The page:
Chronic toxicity of flucycloxuron in the mosquitofish, Gambusia affinis: acetylcholinesterase and catalase activities and pattern of recovery 


By Nedjoua ZAIDI , Noureddine SOLTANI 


Andalin (25% EC), the trade name of flucycloxuron (FCX), is a chitin synthesis inhibitor belonging to the class of benzoylphenylurea. It was found a potent insecticide against mosquito larvae. In this present study we evaluate the toxicity of this insecticide on acetylcholinesterase (AChE) and catalase activities (CAT) in adult females of a larvivorous fish, Gambusia affinis (Teleosteen: Poeciliidae). This fish is extensively used in biological control of mosquitoes. The insecticide was added in rearing water at two concentrations corresponding to LC50 and LC90 previously obtained against fourth instars larvae of Culex pipiens (Diptera: Culicidae). The female adults were exposed to a continuous treatment for 28 days, and AChE and CAT activities determined at different exposure times (0, 7, 14, 21 and 28 days). FCX was found to cause inhibition in AChE activity and induction in CAT activity starting day 14. In a second experiment, exposed fish were transferred to clean water up to 8 days to asses the recovery pattern. Exposed fish gradually restored to the control values by day 4 and 8 in the LC50- and LC90-treated series, while CAT activity was recovered after 2 days for the LC50 and 4 days for the LC90. The overall data obtained suggested that G. affinis is a suitable biological model which can be used in toxicological and biomonitoring studies, and CAT activity is a good biomarker of oxidative stress induced by such insecticides. Moreover, it stimulated rapidly the antioxidant enzyme activities. The recovery pattern showed that this fish species was able to overcome relatively rapidly the toxic stress induced by this insecticide. Finally, this insecticide appears less toxic against G. affinis than the conventional insecticides.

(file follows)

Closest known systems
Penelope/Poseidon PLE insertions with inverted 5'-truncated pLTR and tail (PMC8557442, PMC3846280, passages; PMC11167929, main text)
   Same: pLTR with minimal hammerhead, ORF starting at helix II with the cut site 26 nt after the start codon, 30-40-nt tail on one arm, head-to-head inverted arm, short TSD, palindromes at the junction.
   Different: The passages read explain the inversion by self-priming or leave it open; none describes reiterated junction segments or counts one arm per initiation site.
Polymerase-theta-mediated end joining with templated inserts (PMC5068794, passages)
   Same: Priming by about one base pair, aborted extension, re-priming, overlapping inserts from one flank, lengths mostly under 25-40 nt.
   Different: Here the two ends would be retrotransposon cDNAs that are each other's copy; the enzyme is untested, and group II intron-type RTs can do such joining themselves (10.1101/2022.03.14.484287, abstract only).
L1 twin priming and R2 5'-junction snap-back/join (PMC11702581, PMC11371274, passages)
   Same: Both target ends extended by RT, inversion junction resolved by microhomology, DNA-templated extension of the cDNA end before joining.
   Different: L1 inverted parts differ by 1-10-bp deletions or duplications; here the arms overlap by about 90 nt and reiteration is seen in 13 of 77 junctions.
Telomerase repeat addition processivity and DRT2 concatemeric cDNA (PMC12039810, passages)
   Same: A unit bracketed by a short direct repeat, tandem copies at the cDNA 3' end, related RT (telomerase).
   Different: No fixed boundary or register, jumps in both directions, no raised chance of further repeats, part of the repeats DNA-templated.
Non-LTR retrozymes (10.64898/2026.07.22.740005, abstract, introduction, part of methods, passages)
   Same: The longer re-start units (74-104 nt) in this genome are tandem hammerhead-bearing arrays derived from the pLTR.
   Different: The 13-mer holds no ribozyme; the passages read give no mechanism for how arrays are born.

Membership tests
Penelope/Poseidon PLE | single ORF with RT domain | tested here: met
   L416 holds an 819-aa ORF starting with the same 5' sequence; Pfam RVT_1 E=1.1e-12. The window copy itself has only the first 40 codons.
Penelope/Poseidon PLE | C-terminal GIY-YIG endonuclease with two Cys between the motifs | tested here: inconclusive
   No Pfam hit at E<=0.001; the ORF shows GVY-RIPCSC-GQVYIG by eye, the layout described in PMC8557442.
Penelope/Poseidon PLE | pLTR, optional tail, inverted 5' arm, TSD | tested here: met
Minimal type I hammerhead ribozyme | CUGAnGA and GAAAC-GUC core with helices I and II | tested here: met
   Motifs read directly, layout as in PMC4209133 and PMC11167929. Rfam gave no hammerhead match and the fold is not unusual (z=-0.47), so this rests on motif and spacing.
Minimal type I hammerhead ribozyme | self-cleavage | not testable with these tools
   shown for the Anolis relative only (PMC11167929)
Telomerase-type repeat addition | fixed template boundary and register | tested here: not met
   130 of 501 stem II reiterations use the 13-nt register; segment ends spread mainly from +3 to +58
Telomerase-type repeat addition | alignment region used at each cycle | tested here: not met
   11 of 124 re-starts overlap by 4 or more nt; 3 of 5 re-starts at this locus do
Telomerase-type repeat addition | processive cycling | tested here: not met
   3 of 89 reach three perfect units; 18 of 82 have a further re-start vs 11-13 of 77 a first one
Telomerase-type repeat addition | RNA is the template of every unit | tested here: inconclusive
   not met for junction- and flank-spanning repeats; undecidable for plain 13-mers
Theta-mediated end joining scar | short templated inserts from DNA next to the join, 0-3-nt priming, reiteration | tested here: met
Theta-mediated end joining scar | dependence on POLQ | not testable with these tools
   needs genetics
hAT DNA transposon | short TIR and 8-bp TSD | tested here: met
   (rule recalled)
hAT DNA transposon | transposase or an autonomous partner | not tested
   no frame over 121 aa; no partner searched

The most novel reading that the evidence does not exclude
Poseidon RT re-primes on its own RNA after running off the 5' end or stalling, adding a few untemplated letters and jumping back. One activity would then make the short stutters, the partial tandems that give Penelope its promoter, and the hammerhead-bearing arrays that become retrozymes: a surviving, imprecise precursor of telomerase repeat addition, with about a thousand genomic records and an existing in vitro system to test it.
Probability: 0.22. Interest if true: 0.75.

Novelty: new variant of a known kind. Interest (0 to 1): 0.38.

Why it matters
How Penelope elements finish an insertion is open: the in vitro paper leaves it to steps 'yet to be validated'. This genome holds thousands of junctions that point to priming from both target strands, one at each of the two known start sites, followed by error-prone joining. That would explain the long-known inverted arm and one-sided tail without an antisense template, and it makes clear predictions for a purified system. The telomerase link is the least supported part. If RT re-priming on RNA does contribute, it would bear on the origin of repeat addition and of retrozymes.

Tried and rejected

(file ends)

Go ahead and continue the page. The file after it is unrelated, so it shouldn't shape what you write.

Keywords:  Flucycloxuron, Gambusia affinis, Insecticides, Biomarkers, Recovery 

 Click here to download the complete article in PDF Format